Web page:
Mitt Romney's Republican presidential campaign collected some high-profile endorsements over the weekend, contributing to a growing sense of inevitability surrounding the former Massachusetts governor's White House bid.
Romney stood with New Hampshire Sen. Kelly Ayotte Sunday afternoon, several hours after the Republican senator's decision became public.
"There's one person in this field who is prepared to lead the United States of America and that is Mitt Romney," Ayotte told cheering supporters gathered on the city hall steps. "And most importantly, there is one person who I know will ensure that Barack Obama is a one-term president and that is Mitt Romney."
And on Monday, U.S. Rep. Charlie Bass was joining Romney's campaign. Campaign aides said Bass, who served six terms in Congress before losing his re-election bid in 2006 only to win back his seat in 2010, would join Romney Monday morning on a tour of a Nashua defense contractor. Romney planned to announce Bass as a co-chairman in New Hampshire and a member of his national advisers.
"Voters in New Hampshire and across our country are looking for a candidate that understands what our economy needs to recover and grow, that has the experience of creating jobs and has the leadership qualities needed to bring the citizens of our nation back together in these challenging times," Bass said in a statement.
"I firmly believe that Mitt Romney is the candidate that will renew our country's faith in the American dream."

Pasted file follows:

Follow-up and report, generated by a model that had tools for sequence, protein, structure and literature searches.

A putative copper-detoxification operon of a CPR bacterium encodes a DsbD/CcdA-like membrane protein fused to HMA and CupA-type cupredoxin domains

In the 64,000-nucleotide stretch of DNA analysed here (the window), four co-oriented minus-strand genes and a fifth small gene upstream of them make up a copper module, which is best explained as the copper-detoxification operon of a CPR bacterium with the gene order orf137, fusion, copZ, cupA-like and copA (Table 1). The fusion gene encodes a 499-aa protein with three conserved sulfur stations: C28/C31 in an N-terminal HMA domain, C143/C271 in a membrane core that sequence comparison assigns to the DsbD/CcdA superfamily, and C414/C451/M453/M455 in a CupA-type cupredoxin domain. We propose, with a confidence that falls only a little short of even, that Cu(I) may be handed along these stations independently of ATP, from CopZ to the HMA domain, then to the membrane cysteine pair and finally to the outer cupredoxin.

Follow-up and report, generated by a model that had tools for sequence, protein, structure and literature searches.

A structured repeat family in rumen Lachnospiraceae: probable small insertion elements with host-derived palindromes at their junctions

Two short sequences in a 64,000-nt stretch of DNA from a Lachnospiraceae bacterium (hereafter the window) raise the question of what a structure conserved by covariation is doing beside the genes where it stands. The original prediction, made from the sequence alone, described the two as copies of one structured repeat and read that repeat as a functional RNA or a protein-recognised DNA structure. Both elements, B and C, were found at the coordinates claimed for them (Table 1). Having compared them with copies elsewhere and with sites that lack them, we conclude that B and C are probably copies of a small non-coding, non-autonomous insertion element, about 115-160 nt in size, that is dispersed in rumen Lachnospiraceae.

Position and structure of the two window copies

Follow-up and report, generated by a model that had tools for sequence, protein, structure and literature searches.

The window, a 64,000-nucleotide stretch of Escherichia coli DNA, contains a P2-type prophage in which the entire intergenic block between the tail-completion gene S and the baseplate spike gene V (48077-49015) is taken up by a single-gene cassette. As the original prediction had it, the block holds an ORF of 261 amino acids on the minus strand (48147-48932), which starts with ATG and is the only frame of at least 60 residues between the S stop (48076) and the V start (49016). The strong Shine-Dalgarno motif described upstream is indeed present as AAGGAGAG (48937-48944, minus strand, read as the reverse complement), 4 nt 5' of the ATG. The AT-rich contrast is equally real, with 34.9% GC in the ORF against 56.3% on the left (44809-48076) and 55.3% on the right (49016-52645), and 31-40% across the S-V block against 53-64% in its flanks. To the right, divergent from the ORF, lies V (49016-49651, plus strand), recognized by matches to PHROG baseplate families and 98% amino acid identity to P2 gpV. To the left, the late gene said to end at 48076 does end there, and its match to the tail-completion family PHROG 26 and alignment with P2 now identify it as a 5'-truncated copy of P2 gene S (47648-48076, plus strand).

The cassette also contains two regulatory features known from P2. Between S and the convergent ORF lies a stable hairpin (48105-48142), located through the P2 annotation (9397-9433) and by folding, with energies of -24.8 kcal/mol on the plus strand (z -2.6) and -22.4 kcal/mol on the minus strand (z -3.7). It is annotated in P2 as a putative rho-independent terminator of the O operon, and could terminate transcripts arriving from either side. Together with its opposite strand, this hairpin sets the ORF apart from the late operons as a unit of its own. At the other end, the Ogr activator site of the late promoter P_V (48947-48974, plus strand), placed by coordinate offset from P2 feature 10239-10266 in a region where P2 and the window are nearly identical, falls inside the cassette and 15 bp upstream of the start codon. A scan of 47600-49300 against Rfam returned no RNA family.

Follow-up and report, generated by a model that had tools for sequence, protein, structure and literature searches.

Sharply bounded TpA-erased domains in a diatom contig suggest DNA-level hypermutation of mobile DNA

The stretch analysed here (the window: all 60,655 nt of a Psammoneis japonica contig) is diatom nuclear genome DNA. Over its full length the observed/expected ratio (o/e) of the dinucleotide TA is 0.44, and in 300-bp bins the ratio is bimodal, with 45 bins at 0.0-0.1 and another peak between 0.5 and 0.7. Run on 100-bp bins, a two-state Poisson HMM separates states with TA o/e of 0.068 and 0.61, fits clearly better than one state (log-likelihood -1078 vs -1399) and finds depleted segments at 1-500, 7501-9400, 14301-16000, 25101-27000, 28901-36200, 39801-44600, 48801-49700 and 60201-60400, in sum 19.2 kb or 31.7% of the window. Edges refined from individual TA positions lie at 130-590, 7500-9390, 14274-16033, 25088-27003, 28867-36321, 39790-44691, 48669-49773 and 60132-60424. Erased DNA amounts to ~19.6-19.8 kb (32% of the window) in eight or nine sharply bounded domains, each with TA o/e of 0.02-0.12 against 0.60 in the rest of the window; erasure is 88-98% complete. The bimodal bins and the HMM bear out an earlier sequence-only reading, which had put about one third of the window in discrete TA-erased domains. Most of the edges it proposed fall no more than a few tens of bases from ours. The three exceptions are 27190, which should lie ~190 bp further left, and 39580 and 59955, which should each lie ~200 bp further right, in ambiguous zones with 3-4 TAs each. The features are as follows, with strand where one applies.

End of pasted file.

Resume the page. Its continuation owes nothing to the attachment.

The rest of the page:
The Bass endorsement was first reported in The Nashua (N.H.) Telegraph.
The lawmakers are the latest high-profile additions to an organization that already included Granite State Republican heavyweights like former Sen. Judd Gregg and former Gov. John H. Sununu.
But even in a world where the impact of endorsements is often exaggerated, the public support of Ayotte and Bass is a significant step forward for Romney in New Hampshire. It has led prominent Republicans to suggest that Romney _ who already enjoys tremendous advantages in the first-in-the-nation primary state _ has become so strong here that the real contest on Jan. 10 will be for second place.
Romney hasn't begun to run television advertising yet. Instead, he's been steadily raising money and adding campaign muscle as his Republican opponents struggle to overcome weaknesses. Romney is expected to join the television ad war soon, however.
Like New Jersey Gov. Chris Christie's endorsement earlier in the fall, Ayotte's support offers a bridge to more conservative voters, who have been reluctant to endorse a candidate with a mixed history on some social issues. Romney has struggled to win over that voting bloc in New Hampshire and elsewhere, although some have begun to reluctantly embrace his candidacy in light of repeated stumbles by his rivals.
With Romney looking on, Ayotte, along with her husband, promised to play an active role in Romney's campaign.
"Joe and I will be doing everything we can to make sure Mitt Romney is the next president of the United States," she said. "We cannot take four more years of this president."
Associated Press writer Philip Elliott in Washington contributed to this report.